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  • Setting up an Amazon EKS Cluster


    Manoj Chaurasia

    This article is focused on setting up an EKS cluster and the possible pitfalls that you may experience while doing so. Hopefully, this will be helpful in setting up your own EKS cluster! We will focus on some of the major milestones in the setup.

    To get started, we suggest looking at the official documentation, https://docs.aws.amazon.com/eks/latest/userguide/getting-started.html. If you follow this, you should be able to get everything set up, but issues may arise, so ill list the most common ones below.

    Possible issues:

    • The access Key and Secret Access Key haven't been set yet. In order for your computer to connect to the EKS cluster it needs these keys to authenticate yourself as the actual user. These keys can be set by running "aws configure" within your terminal. Please keep in mind that this stores your keys, so only do this on a private computer that only you have access to. Your keys essentially give access to your account. 
    • Have the proper versions of the CLIs required. This is mainly focused on kubectl (1.10) and AWS cli (1.15). Older versions of the AWS cli do not support EKS functions. Upgrading the AWS cli can be a pain if you do not have the newest versions of python 2 or 3 along with pip. But it must be done.
    • Make sure you don't skip the step for the heptio-authenticator step in the getting-started guide. This is very important to install or else your cluster won't authenticate your CLI requests.
    • Make sure the name of your config file matches the name of your cluster. This makes it easy to manage in case you have multiple K8s config files. Also, make sure to export that config file to KUBECONFIG to either your bash_profile or bashrc file. That way you don?t need to export it every time you open up a new terminal session.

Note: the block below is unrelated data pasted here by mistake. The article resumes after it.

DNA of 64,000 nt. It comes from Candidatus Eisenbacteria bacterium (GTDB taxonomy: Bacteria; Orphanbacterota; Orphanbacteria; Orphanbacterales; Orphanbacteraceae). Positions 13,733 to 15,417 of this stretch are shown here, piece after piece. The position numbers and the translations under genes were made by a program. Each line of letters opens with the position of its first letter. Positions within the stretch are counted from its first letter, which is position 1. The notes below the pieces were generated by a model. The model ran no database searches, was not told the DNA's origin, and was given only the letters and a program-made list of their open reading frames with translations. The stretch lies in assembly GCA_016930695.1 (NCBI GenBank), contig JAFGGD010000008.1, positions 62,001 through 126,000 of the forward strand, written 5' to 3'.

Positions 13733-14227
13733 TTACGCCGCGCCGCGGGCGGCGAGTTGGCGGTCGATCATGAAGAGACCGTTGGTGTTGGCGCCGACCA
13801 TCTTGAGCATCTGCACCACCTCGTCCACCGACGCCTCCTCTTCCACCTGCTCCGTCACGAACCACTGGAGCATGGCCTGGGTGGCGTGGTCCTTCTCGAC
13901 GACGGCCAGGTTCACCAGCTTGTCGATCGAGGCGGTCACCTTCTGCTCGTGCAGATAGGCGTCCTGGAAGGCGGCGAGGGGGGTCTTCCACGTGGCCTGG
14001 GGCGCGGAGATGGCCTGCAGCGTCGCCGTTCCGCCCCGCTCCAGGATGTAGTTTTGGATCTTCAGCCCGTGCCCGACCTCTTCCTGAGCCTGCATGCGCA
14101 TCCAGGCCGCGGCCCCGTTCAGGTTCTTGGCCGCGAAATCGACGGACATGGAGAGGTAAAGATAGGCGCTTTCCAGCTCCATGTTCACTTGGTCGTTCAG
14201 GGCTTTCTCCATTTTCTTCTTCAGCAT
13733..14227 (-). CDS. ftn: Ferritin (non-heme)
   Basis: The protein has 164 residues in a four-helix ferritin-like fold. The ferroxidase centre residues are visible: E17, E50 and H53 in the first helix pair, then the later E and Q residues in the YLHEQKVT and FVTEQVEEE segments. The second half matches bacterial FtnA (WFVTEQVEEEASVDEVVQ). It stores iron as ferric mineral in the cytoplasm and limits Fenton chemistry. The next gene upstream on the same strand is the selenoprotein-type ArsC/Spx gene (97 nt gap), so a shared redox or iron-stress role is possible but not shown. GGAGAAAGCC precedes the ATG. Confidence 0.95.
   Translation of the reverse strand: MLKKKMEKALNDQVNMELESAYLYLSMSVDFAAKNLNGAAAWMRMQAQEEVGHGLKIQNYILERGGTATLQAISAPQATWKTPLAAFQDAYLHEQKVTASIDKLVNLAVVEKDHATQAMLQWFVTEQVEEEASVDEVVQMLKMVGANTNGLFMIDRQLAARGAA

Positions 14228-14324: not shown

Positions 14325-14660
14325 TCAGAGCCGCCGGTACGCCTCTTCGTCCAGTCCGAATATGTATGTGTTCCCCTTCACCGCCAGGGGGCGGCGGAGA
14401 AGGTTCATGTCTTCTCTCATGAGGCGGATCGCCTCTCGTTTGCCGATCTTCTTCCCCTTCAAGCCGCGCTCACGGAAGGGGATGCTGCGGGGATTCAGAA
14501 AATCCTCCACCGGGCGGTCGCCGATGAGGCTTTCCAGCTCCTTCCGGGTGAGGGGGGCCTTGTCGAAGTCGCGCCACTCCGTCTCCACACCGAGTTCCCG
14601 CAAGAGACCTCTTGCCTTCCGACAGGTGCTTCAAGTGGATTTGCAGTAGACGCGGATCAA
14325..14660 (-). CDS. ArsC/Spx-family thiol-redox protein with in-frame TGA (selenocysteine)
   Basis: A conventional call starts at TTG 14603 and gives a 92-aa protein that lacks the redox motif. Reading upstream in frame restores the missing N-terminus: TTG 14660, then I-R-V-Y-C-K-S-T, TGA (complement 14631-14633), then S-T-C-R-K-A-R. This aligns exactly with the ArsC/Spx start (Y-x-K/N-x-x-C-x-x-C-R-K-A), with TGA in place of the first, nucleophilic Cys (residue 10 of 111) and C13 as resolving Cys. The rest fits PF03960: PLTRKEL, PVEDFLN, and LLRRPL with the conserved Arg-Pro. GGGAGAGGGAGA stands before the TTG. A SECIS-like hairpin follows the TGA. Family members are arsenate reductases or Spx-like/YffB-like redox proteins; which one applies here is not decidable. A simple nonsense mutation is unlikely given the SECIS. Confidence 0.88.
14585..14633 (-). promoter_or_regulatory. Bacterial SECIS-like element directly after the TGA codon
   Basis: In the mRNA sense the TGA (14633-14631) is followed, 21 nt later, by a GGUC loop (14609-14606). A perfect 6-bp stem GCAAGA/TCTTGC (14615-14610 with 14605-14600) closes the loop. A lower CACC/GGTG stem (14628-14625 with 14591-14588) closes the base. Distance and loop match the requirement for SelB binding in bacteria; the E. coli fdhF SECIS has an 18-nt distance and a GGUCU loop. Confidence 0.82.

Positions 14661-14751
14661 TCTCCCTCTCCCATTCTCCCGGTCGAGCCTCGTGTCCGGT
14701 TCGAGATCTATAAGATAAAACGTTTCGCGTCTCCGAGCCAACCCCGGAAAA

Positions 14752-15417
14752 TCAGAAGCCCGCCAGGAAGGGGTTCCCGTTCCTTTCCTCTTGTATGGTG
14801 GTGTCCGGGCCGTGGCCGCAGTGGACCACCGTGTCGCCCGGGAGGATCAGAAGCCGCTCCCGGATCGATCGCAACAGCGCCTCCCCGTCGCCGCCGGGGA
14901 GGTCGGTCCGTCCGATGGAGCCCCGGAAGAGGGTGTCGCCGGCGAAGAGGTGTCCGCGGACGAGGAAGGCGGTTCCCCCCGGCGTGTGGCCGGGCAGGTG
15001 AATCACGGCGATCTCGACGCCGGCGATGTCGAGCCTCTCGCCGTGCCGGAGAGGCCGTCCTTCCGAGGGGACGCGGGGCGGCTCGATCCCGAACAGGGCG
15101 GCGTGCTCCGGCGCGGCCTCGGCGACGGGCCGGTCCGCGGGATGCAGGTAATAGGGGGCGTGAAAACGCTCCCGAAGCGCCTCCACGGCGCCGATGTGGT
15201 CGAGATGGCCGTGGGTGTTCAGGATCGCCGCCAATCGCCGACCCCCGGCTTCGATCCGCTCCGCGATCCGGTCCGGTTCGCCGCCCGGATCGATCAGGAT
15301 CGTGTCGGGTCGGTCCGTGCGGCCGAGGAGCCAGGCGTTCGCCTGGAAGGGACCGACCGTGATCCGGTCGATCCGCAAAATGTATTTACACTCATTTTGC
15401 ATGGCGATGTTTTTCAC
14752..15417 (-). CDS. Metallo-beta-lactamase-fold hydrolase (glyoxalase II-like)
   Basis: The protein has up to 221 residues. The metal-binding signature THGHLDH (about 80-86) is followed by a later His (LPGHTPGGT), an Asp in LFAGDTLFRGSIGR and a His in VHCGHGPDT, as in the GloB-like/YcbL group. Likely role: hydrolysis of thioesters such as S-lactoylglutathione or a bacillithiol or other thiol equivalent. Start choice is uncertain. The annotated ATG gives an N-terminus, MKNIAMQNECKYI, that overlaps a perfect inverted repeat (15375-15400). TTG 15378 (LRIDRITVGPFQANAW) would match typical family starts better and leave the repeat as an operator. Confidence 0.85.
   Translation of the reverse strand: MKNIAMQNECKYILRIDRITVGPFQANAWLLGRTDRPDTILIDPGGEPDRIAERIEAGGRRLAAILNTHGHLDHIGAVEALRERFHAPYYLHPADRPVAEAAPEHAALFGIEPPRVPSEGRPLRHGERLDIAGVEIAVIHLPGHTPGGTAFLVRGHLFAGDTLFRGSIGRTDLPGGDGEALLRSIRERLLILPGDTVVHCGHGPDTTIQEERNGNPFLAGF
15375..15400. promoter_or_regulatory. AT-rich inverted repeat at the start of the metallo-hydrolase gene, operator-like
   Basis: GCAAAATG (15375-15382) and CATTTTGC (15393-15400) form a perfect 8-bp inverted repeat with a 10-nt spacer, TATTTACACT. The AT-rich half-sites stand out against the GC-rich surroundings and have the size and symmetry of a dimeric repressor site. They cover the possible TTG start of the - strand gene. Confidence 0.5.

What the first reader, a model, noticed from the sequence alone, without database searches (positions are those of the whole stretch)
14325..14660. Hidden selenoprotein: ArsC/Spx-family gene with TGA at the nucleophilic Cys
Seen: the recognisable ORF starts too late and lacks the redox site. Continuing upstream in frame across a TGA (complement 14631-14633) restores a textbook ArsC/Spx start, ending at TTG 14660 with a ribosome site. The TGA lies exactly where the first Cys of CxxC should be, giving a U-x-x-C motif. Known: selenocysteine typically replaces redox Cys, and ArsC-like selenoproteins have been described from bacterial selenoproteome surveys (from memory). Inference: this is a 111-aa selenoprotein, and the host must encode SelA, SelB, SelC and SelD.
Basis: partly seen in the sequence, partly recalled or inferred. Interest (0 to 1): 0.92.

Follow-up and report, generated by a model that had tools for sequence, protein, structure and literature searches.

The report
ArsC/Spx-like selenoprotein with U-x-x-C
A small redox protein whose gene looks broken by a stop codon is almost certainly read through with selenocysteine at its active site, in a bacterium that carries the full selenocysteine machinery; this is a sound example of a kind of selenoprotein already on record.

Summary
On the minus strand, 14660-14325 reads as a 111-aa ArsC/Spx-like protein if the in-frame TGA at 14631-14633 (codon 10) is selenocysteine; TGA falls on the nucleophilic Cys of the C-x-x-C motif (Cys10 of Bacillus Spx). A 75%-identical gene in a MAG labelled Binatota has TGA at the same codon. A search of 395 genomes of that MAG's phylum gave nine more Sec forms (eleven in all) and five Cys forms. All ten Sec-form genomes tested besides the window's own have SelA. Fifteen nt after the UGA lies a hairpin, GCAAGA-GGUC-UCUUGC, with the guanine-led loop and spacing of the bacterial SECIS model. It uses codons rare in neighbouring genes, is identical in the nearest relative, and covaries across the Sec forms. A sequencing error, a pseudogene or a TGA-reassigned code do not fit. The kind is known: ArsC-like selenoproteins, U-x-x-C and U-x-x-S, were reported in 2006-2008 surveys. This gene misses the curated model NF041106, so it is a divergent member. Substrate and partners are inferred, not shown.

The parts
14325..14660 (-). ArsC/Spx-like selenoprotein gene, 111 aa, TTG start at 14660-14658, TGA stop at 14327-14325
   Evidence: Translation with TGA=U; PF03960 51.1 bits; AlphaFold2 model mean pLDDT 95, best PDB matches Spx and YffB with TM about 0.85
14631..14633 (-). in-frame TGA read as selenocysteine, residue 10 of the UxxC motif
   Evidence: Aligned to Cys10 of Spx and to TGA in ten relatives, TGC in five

• Create proper policies and roles for security reasons. Don't assign your cluster administrative rights because you are being lazy and can't be bothered to create a new policy. Project your Cluster! Create appropriate policies!

    These are just a few things that may come up. 

    If you're a beginner, we suggest just using the WebUI to create your cluster and setup up your roles and policies. This simplifies the process and makes it much more intuitive. Also, you have the choice to create a new VPC or use an existing one. We suggest using an existing one since it has everything you need on it. (Don't want to accidentally forget something). After you've set up your control panel, you should see something like this.

    Screenshot2022-11-13at7_19_04PM.thumb.png.5a7ab63a721ec1fbfaa9637412095e76.png

    We will use our certificate authority, cluster ARN and API server endpoint for some of the config files so just keep note of them (follow the getting started guide).

    After you set that up, you will need to deploy your worker nodes on your AWS account. This is done with a cloud formation script. (provided on the getting started page). Just fill in the parameters that it asks for. This should take 5-10 minutes to deploy. Once done, on the CloudFormation page, navigate to the Outputs tab. Keep a note of this value as you will need it when binding your worker nodes to your control panel.

    Continue following the getting started guide. At the end of it, you should be able to run "kubectl get svc" and get an output that shows your Kubernetes service. If not, maybe you get an error, check to make sure you've downloaded and installed the heptio-authenticator correctly. And that whatever role/policy combination you are using has the right permissions. If you do see a service, that means your EKS cluster is up and running and you are able to start deploying projects onto it. 

    If you wish to have a UI to work with, follow this guide: https://docs.aws.amazon.com/eks/latest/userguide/dashboard-tutorial.html I suggest it for beginners. It's also easier to demo/talk about (more interesting).


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